At the end of April two contingents of soldiers from the BDF Light Engineer Company were deployed as part of a task force to Haiti, to participate in the rebuilding effort along with the Louisiana Army National Guard.
Last week Thursday 7news got a special opportunity to join the thirty light engineers as they completed week three of their four week rotation.
Special correspondent Janelle Chanona flew to Haiti on Thursday morning and was back by Thursday night. Here's her story from that whirlwind visit:
Janelle Chanona Reporting:
Our journey to Haiti begins as we board a United States military aircraft at the Phillip Goldson International Airport.
For much of the three and a half hour flight to the capital city Port-au-Prince, the only view out the window is the wide blue expanse of the Caribbean Sea.
Then suddenly, Haiti's mountainous landscape comes into focus.
Haiti boasts the proud history of being the first republic to be controlled by a black leader following a successful slave revolution in 1804. But the pride of such independence has long since been replaced by the shame of more political violence and corruption, poverty and natural disasters than any other Caribbean nation.
For decades, the United Nations has spearheaded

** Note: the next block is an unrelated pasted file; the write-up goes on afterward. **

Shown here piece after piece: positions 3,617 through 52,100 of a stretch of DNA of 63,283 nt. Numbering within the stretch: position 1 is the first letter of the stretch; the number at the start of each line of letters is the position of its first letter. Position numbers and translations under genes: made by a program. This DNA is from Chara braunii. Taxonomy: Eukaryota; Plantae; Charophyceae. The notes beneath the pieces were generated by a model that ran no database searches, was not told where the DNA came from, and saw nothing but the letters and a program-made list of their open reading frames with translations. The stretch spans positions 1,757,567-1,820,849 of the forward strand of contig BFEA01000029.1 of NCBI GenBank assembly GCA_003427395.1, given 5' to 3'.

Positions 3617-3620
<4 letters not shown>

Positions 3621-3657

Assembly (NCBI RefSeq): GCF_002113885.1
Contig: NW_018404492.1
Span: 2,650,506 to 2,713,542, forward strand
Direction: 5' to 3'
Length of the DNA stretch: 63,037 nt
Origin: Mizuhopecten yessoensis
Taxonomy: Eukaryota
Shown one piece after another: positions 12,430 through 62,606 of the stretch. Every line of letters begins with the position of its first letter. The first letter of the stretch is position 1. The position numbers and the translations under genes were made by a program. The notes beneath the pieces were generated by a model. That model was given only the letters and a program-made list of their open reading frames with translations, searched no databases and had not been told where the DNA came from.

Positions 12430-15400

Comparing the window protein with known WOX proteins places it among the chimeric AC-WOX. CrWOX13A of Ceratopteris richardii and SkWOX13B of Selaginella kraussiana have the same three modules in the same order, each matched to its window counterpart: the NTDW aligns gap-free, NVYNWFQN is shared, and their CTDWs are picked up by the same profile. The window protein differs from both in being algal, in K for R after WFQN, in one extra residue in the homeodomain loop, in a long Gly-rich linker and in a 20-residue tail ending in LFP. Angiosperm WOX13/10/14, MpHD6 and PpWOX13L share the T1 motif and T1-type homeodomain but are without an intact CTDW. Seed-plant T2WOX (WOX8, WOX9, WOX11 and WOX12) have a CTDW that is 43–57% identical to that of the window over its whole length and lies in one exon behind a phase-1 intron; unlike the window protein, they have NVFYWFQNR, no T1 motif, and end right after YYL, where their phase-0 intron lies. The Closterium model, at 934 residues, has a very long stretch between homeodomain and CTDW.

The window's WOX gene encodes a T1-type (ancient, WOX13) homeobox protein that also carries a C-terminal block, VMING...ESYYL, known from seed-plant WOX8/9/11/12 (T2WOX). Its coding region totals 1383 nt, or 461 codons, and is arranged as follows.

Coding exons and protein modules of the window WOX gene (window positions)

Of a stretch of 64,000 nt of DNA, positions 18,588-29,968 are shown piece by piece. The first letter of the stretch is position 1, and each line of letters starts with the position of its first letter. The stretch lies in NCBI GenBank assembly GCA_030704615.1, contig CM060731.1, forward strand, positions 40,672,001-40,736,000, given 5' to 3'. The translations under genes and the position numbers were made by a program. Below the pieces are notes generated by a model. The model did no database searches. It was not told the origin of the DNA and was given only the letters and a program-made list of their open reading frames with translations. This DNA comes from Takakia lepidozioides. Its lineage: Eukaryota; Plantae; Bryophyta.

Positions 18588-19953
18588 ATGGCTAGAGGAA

numerous peacekeeping and poverty relief
initiatives. In 2008 alone, four hurricanes
devastated the impoverished country. When the
earthquake hit on January 12th 2010, it severely
crippled an already struggling state.
In the aftermath, Haiti's friends rushed to render
aid to her more than nine million citizens.
The presence and assistance of international
organizations and military forces has been a
stabilizing force on the island.
For the past month, Belizean soldiers have been
hard at work in Gonaives, the fourth largest city in
Haiti as part of New Horizons 2011.
Military Liaison Officer -
Nugent, Louisiana National Guard
"We got twenty nine Belize Defence Force
personnel that have been working alongside US
forces on those engineering projects."
Along with their Japanese and Columbian
counterparts, the Americans and Belizeans are
constructing two medical clinics, a school building
Brigadier General Dario Tapia, Commander, BDF
"It's a good signal to the country that we
have the will to be able to assist them in a time
of need because it could happen to Haiti today,
tomorrow it could be Belize."
Like many Caribbean countries, there are many
similarities between Belize and Haiti. Even
from the air, beautiful beaches beckon tourists,
market scenes are little more than organized
confusion and a helicopter landing always draws
a crowd. But just beneath the surface lay the
scars. Many important buildings, including the
international airport, are badly damaged but are
still in operation. Tens of thousands live in tent
cities. Bridges traverse dried up rivers. Because
deforestation has claimed the majority of the
forest cover, when the rains do come, flooding
ravages much of the country. The hurricanes
wiped out much of Haiti's agricultural crops. Today
farmers fight the drought to produce banana and
Tens of thousands of Haitians have fled this